Understanding Gloria Naylor introduces readers to the literal and mythical places, recurring characters, and rich literary allusions that distinguish Naylor's award-winning fiction. Margaret Earley Whitt offers an introduction to Naylor's first five novels, underscoring the passion with which Naylor writes about women living on the margins of their communities. Whitt discloses how Naylor tells the stories of these women and how she helps readers see that all heroines live a life of significance.
Suggesting that Naylor's work provides an inherently southern perspective -- despite her being from New York City -- Whitt points to Naylor's detailed portrayal of her characters' lives. Underscored is Naylor's pathbreaking efforts to record the multivocality and hues of the black community.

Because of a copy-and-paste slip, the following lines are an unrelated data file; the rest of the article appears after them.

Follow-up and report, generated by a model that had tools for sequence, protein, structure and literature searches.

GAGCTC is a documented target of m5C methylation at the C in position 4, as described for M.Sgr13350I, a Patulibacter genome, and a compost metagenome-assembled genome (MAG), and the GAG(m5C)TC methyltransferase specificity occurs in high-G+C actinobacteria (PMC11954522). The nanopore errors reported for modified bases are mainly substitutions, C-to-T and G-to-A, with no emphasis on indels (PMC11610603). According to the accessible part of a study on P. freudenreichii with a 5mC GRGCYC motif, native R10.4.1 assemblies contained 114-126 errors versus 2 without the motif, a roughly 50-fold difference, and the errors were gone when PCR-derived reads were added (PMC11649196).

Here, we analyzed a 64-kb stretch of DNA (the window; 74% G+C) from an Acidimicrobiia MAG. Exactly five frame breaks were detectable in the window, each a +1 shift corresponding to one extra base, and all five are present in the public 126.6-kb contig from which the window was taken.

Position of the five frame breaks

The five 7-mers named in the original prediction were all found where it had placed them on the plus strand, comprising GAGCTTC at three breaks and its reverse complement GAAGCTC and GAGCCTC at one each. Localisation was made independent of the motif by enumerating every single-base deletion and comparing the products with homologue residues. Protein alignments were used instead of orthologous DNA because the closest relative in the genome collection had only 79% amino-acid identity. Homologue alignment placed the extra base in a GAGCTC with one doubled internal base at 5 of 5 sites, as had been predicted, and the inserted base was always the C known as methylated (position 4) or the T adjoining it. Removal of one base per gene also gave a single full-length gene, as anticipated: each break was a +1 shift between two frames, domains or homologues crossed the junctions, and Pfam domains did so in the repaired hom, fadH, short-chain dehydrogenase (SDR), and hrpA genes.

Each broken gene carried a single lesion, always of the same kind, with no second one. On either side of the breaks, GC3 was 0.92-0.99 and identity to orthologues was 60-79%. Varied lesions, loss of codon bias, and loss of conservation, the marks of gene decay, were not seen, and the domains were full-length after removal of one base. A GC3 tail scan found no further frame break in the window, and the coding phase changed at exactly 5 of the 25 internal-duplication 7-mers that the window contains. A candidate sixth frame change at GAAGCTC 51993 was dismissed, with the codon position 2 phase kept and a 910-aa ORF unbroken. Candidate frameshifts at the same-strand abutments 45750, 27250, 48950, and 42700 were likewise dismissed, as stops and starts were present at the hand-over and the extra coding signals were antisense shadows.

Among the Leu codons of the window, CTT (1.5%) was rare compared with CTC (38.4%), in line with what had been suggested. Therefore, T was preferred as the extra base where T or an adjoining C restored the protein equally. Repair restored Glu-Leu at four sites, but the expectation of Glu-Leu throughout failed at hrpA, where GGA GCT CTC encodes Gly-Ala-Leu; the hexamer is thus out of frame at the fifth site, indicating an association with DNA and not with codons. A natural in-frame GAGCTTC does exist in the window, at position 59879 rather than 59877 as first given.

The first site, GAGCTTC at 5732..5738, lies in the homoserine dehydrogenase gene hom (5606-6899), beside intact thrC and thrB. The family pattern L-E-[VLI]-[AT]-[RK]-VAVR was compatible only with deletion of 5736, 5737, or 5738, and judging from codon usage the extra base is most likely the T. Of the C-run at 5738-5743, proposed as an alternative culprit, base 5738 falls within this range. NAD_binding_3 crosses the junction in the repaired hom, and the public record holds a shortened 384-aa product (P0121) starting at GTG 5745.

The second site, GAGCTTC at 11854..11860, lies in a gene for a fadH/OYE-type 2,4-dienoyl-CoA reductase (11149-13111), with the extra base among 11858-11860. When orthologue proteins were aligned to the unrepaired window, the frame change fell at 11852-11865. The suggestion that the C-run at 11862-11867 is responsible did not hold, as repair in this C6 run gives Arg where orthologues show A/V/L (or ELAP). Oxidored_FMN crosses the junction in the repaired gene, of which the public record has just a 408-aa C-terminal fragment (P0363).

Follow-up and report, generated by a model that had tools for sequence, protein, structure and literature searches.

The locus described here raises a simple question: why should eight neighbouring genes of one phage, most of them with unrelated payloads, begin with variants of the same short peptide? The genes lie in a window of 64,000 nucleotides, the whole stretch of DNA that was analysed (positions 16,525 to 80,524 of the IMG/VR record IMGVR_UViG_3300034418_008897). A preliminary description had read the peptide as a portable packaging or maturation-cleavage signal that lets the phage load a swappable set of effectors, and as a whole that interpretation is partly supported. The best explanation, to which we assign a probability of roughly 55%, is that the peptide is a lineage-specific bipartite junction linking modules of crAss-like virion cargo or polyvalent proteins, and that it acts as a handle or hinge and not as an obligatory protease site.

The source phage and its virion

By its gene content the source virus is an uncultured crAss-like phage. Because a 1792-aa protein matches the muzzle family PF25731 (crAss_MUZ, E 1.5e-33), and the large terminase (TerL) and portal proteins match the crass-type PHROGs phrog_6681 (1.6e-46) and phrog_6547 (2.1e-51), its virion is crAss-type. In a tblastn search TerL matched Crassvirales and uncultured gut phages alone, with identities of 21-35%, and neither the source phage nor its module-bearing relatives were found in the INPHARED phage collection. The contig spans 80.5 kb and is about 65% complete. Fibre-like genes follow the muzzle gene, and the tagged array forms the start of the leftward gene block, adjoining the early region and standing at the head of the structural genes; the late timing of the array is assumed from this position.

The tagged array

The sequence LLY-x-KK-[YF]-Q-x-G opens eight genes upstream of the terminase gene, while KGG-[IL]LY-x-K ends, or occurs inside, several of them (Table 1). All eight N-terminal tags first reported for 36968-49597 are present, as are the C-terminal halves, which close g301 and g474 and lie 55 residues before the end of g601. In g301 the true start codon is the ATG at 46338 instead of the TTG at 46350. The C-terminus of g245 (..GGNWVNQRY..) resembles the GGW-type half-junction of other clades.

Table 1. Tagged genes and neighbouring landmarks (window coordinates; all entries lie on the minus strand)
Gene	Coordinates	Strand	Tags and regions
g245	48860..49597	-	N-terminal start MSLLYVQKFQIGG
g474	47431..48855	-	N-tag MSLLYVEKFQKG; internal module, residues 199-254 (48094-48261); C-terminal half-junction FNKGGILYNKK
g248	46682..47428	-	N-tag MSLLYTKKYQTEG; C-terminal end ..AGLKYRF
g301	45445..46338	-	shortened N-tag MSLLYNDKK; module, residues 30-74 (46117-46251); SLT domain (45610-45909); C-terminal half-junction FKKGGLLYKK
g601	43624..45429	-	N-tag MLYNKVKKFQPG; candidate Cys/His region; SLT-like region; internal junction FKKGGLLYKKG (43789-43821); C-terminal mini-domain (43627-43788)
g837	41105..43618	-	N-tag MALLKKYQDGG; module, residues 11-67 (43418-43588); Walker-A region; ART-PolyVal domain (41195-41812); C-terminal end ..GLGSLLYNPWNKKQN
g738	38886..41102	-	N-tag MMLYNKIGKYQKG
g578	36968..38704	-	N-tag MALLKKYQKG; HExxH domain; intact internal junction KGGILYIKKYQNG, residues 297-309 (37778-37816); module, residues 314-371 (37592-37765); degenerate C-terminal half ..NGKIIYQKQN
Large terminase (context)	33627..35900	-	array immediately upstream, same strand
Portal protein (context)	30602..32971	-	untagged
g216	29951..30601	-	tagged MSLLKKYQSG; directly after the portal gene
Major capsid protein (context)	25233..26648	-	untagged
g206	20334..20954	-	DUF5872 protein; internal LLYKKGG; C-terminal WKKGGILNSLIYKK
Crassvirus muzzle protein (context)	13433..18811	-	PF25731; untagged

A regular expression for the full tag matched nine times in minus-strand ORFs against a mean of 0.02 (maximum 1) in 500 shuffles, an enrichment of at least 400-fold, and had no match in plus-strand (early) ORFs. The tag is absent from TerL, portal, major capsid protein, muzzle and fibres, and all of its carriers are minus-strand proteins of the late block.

Whitt provides close readings of The Women of Brewster Place, Linden Hills, Mama Day, Bailey's Cafe, and The Men of Brewster Place. She examines the connection between characters and places in the first four novels and explains how the fifth revisits Brewster Place from an entirely different point of view. Tracing Naylor's development of black community, especially among women, Whitt shows how characters move from poverty and isolation to a place where they transcend the racism and sexism that constrict their lives.